Tomorrow we are attending a memorial service for my partner’s cousin. She died last fall and finally we are getting around to grief. As innovative and positive as the “new funerals” are I really miss the old way of doing things for a variety of reasons.
Putting off grief – When someone dies there is a great deal of emotion and the old visitation and funeral at the funeral home thing was wonderful comfort. It was a way to express that grief with people who care. Yes, it’s nice to celebrate life and be all happy and positive but there is much to be said for allowing grief to happen/ Weeks and months after the death celebration seems to disallow people their grieving.
The community misses out on the process – When families put off the celebration it holds a community at bay. Like it or not we live in community and there are people who’s lives are touched by ours that families may not even know. The baker, the hairdresser, the neighbour, the folks from church or the ones that used to take art lessons with the person are excluded. While we like to hold our privacy I think it’s sad that these folks on the outside of the family will never have a chance to say a proper goodbye.
I also miss bodies. I want to become an ash heap as much as everyone else in my generation but I think we deny those who love us the most precious hours of adjustment when we pack up and head to the crematorium before anyone can see the remains. This part is particularly difficult for the older generation. I probably hate the discussion about how Auntie So and So looks in the box more than most but I recognize the importance of seeing and believing it to be true. I remember as a child visiting a closed casket with a picture on top and I could not believe the box held that person I loved. I kept looking for him every time I went to our neighbour’s home because it was hard to fathom. While that is the understanding of child I believe the same feeling exists for adults, even though they may not want to admit it because reason prevails.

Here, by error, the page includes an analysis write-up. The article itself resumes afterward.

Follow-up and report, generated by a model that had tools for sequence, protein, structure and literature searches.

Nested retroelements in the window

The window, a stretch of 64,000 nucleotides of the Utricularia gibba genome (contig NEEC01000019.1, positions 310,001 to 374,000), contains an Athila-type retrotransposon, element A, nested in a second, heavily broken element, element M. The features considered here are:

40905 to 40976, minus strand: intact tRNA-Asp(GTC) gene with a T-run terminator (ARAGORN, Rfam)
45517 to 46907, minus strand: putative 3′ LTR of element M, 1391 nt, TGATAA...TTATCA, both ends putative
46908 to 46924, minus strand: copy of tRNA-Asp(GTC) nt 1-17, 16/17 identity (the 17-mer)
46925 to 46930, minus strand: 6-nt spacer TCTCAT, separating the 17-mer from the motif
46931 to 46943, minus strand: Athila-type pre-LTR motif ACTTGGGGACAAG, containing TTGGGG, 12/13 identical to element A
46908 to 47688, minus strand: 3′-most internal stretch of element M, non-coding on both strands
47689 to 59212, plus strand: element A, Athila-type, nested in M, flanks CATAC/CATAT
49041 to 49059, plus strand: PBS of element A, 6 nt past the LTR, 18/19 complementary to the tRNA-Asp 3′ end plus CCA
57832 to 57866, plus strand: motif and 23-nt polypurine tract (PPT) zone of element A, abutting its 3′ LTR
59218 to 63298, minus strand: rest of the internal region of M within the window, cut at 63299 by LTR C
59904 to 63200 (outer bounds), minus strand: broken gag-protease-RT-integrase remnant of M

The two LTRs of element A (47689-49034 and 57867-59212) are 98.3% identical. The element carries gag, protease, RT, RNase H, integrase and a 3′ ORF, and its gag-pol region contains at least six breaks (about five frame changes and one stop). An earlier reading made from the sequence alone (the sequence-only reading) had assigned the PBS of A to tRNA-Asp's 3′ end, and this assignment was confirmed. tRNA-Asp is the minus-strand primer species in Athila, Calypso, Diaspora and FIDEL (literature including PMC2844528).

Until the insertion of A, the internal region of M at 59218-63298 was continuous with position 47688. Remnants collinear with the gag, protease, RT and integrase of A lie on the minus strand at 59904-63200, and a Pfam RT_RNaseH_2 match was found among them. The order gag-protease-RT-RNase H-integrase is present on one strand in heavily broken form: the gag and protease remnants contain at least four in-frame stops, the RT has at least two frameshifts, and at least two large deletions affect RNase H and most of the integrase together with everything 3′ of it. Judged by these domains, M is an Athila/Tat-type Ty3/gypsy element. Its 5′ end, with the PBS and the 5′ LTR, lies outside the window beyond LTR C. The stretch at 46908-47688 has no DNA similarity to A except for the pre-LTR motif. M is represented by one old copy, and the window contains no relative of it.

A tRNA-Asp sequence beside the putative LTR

When a death is particularly tragic this opportunity for community visitation may be even more important. When my son died at 16, as hard as it was for me, I knew there were a few hundred teenagers who needed to be part of the process. They needed to see him, they needed to cry with us, and they needed to do it then not a few weeks later. A piano in the room, the occasional guitar and teenagers sitting around a funeral home singing together the songs they knew he loved was healing for all of us.
I notice when there is a death of royalty or a political leader there is never a question about prompt and public funeral service. There is a recognition in these instances of the need for this sort of mourning. The need is no less just because the person is not a public figure.
I will go tomorrow and be happy to celebrate the life of this wonderful woman who’s life touched us so deeply but I will be sad that her aunt who could have been there last fall, is now too ill to attend and that the woman’s sister who lives in BC can’t find it in her heart to travel one more time for the celebration which she might have been able to attend in the fall. I might cry but it won’t have the same permission or cleansing as it would have months ago because we are “getting over it now”. Or is that now, it will be harder to get over because we are denied that intensity of grief which would have helped us heal more easily, more completely.